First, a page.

Precautions for use

Once the connected device is set up, it is easy to forget that it is collecting and transmitting data, often continuously.


Check regularly that your connecteddevices and their apps are up to date.You can usually do this by visiting thecompany’s website.


If you do not use a connected deviceregularly, turn off its microphone and camera.


Before leaving your home fora long time, unplug your connected devices.


Make sure that your contact information
is up-to-date in the app for your connected device.The privacy policy can be sent to you by email.You may receive notifications of security updates.


Check if the retailer still offers
support for your connected device.If updates are no longer provided,avoid using the device.


Before, recycling, selling, or disposing
of your connected device, make sure thatyou have removed all your personalinformation (this can be found both in thedevice itself and in the app), then reset thedevice’s parameters. You should also deletethe account related to the connected device.


Resources to help you out

Understanding your privacy rights :
AnIndividual's Guide to the Protection of Personal Information (OPC)
Overview of privacy laws in Canada (OPC)
Points to consider in a privacy policy (OPC)
Tips for raising privacy concerns with a company (OPC)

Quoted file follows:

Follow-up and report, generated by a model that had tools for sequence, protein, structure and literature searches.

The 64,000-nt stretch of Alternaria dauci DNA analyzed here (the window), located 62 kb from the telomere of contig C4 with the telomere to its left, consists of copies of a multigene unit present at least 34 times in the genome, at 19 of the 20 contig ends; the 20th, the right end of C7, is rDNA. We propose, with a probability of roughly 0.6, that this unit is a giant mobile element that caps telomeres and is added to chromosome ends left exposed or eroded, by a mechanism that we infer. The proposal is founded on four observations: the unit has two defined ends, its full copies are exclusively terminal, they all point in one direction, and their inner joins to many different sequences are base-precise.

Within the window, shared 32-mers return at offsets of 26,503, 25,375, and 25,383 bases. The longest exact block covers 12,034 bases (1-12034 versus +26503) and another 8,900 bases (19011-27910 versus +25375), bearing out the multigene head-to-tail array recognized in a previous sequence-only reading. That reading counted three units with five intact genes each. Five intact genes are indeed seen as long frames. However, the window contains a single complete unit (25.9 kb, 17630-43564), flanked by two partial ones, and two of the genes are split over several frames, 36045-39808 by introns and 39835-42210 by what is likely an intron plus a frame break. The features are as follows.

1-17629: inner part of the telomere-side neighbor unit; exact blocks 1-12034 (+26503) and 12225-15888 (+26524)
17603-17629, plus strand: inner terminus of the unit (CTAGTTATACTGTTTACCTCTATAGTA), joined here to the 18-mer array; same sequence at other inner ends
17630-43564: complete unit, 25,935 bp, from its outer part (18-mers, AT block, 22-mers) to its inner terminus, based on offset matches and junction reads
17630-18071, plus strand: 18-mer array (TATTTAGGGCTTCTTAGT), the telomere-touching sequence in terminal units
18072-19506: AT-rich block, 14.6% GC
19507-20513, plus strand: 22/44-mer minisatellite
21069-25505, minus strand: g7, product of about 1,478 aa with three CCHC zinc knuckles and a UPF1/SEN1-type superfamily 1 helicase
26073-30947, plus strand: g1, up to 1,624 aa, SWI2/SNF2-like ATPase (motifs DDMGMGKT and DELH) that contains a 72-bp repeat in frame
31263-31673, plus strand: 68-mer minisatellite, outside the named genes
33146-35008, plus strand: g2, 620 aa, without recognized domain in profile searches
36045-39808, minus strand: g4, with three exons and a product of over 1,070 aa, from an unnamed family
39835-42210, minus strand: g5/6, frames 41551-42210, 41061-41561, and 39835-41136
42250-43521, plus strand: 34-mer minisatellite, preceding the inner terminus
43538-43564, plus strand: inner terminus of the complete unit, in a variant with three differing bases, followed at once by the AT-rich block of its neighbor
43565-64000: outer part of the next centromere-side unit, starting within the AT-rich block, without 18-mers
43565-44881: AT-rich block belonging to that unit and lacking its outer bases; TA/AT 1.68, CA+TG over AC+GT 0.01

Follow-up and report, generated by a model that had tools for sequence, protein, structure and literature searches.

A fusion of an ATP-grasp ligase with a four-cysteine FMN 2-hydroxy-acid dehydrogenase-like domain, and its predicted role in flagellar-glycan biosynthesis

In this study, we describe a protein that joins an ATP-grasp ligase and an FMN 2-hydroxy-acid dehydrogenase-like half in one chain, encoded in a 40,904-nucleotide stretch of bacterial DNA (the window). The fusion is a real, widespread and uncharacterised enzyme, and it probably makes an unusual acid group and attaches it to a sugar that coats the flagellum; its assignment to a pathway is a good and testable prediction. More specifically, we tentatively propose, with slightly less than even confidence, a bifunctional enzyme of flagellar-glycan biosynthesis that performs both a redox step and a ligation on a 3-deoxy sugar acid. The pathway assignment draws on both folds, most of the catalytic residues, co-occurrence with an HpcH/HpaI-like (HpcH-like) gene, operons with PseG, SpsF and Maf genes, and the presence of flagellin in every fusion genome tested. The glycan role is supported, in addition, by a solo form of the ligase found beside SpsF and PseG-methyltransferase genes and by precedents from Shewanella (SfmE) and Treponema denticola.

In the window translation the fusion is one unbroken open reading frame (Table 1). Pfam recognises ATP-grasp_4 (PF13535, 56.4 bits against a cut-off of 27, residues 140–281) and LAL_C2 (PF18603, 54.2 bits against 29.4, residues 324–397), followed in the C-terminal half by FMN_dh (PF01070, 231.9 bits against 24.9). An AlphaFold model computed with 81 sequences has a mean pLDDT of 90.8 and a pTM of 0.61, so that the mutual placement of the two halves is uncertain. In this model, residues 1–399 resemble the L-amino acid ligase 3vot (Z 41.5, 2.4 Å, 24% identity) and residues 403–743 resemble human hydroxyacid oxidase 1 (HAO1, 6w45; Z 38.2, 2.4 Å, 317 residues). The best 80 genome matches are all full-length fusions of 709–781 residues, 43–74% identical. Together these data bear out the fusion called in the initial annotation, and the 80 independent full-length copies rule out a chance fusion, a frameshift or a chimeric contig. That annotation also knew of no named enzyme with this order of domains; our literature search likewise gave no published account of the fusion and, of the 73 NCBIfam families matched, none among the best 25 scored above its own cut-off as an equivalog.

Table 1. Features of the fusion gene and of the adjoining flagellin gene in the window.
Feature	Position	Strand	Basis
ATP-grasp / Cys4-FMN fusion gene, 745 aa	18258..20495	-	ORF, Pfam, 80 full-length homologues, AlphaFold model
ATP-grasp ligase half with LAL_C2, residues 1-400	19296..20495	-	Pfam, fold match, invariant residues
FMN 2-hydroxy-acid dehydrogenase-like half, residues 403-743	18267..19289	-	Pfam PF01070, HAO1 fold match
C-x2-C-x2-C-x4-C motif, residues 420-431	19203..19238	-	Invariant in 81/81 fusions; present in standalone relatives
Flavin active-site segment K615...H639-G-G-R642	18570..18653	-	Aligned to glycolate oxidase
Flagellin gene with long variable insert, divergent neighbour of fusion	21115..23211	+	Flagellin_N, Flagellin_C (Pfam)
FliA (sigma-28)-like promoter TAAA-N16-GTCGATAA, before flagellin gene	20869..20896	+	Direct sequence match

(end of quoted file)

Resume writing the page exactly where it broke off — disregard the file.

Protecting your personal information :
Ten tips for protecting your personal information (OPC)
Privacyand the Internet of Things (OPC)
The Internet of Things at home (Public Safety Canada)
How to be #connected to the Internet of Things (Public Safety Canada)
Smart Home Checklist (Online Trust Alliance)
Data detox kit


To file a complaint concerning the protection of your personal information :
In Quebec: Commission d'accès à l'information du Québec
In Alberta: Office of the Information and Privacy Commissioner of Alberta
In British Columbia: Office of the Information and Privacy Commissioner for British Columbia
In the rest of Canada: Office of the Privacy Commissioner of Canada


To report a cyber security incident :
Tips from Public Safety Canada


Learn more about the challenges of the Internet of Things:
The Internet of Things - An introduction to privacy issues in retail and the home (OPC)
Privacy and Connected Objects (CAI)
The Internet of Things and challenges for consumer protection (Consumers International)
2016 International Internet of Things Sweep (GPEN and OPC)
Every Step You Fake (Open Effect)
Mauritius Declaration on the Internet of Things (ICDPPC)
Internet of things - Privacy & Security in a Connected World (FTC)
Privacy by Design (Ann Cavoukian)
Electronic privacy information center


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This project was supported by a grant from CIRA’s Community Investment Program